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A Surface-Associated Activity Trap for Capturing Water-Surface and Aquatic Invertebrates in Wetlands

Discussion


Investigators often use conventional ATs for sampling wetland invertebrates because these devices are inexpensive, lightweight, and provide samples that are relatively free of sediment and other debris. ATs appear to gather representative samples (Brinkman and Duffy 1996, Turner and Trexler 1997) but are usually deployed as submerged samplers (Ross and Murkin 1989), thus missing surface-associated taxa. We are aware of no other AT designs (besides ours) capable of gathering simultaneous samples of aquatic and semiaquatic invertebrates associated with the wetland water surface except insect emergence traps. We used matching and effect-size estimation to assess performance of SATs relative to conventional and widely used ATs. Such matched-pair designs are widely used to control confounding environmental factors (Manly 1992, Kelsey et al. 1996). In our case, trap matching controlled for variation among years, wetlands, and locations within wetlands. Thus, observed differences resulted from either the device type or interactions with sampling period or presence/absence of fish. We acknowledge that some performance differences between trap types likely resulted from larger funnel apertures of SATs. We made no effort to precisely match trap size characteristics; rather our purpose was to compare performance of our SATs to widely used ATs.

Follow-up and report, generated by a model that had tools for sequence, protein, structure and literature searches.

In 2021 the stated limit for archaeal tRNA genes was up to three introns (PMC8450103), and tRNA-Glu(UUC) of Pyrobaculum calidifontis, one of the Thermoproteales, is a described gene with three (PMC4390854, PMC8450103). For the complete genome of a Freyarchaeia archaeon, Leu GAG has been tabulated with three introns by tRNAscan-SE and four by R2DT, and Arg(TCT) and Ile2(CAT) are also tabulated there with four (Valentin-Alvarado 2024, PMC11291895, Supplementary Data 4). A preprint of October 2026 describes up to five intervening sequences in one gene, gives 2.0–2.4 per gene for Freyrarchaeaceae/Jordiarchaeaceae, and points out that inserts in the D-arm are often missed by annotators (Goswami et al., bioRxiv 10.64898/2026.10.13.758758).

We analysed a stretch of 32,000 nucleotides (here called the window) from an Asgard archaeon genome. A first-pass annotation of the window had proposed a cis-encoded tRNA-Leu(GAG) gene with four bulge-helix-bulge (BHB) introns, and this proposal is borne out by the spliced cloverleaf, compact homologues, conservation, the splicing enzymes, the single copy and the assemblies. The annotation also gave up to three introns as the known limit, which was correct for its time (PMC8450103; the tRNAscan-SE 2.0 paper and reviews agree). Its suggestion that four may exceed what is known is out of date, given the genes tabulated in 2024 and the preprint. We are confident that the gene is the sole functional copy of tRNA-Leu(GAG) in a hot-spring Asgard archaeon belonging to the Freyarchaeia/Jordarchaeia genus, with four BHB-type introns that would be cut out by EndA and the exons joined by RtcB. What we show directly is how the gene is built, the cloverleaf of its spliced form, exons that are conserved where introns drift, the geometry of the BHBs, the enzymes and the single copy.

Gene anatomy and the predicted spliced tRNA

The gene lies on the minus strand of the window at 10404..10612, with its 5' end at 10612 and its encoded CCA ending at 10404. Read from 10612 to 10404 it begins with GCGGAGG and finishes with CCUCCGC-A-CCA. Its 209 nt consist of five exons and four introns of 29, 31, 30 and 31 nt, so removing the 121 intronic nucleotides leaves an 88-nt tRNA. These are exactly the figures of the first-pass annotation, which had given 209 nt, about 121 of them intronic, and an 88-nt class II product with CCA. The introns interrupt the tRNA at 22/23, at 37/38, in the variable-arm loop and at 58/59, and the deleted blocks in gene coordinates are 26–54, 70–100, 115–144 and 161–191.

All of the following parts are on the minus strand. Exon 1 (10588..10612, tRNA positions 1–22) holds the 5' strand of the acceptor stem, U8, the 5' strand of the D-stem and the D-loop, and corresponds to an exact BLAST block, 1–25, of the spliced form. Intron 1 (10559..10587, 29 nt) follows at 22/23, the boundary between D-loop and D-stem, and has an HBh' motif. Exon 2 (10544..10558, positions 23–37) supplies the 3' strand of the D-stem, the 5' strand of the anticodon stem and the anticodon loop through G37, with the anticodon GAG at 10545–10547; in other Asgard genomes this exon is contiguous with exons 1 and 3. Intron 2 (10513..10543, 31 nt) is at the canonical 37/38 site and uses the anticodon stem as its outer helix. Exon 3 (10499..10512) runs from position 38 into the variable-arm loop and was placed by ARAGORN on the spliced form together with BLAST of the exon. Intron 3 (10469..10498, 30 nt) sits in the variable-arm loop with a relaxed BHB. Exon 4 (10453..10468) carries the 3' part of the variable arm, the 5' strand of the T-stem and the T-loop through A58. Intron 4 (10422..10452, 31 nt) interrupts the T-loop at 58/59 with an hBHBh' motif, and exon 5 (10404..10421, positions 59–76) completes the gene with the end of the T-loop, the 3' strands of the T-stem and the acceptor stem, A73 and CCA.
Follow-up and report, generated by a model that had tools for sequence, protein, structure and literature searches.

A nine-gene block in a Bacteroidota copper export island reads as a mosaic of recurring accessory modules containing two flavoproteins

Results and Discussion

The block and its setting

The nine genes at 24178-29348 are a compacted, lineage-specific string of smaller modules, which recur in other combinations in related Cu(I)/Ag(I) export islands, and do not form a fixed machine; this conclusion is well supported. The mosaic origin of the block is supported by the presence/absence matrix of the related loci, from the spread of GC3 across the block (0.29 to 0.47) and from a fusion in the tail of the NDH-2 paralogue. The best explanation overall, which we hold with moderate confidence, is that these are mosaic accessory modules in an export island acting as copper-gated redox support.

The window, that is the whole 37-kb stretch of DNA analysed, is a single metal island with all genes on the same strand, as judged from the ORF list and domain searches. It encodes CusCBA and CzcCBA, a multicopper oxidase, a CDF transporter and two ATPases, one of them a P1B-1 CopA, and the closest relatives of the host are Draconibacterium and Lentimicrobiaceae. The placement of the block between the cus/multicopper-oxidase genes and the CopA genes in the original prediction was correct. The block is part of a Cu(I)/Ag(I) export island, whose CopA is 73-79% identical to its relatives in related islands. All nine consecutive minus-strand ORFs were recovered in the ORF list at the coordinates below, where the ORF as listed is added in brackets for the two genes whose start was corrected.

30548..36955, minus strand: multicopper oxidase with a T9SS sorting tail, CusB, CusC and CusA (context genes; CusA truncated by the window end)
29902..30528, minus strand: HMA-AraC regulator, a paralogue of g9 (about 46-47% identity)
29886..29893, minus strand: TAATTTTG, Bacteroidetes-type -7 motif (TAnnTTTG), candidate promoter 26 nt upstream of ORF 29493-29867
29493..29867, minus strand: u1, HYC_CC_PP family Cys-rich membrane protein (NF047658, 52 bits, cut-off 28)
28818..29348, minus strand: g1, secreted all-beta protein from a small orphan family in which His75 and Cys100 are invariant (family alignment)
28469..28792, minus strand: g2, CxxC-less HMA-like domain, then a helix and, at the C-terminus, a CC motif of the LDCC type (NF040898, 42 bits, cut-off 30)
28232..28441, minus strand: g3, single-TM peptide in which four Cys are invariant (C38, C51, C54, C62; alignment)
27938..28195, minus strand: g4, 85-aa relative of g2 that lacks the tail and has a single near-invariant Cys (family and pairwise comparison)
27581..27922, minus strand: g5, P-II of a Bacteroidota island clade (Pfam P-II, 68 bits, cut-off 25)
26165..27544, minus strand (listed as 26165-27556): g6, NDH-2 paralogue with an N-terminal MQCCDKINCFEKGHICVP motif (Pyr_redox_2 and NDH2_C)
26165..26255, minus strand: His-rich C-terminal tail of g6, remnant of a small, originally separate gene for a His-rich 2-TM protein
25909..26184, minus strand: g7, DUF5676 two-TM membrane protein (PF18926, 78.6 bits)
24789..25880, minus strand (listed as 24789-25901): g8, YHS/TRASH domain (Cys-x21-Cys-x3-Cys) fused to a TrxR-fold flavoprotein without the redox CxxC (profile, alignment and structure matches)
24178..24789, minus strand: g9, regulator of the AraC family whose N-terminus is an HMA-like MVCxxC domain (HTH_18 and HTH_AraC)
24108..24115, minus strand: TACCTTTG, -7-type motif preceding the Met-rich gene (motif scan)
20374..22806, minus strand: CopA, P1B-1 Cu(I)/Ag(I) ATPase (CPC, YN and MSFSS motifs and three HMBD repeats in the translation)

Interpreting biological significance of effect sizes like ours is important for future studies but requires consideration of minimally significant biological differences (MSBD95) (Muller and Benignus 1992, Gerard et al. 1998). Ideally, any sampler that increases information gain would be favored. Yet, use of our SATs is likely to be more expensive and time-consuming than conventional ATs. Thus, in some situations, small information gains with SATs may be biologically unjustified. We suggest that increased expense and effort required to use SATs may be warranted when relative abundance estimates are likely to be at least double that of ATs; that is, the lower bound on the interval estimates of the improvement ratio must be ≥2.0. Detection errors (i.e., declaring a taxon absent when it is not), on the other hand, are likely to have severe implications; resulting errors may be more serious than underestimating relative abundance. Thus, we suggest that investigators consider a more conservative value, perhaps 5%, for differences in non-detection rates. For example, we recommend that for assessing presence/absence of Dytiscidae and Haliplidae, ATs may serve as well as our more expensive SATs (Table 1; lower limit of confidence intervals <5.0%). For other taxa we considered, we believe that SATs are more useful for determining presence/absence. When comparing relative abundance of Dystiscidae (improvement ratios), ATs apparently perform nearly as well as SATs (Table 2; lower limit of confidence intervals ≤2.0). For all other taxa we assessed, relative abundance was best determined using SATs. We emphasize that these recommendations are based on our subjective MSBD95 values. Depending on requirements of specific studies, investigators should apply their own MSBD95 criteria. However, data in Tables 1 and 2 will be useful in deciding which trap to use, no matter what level is specified.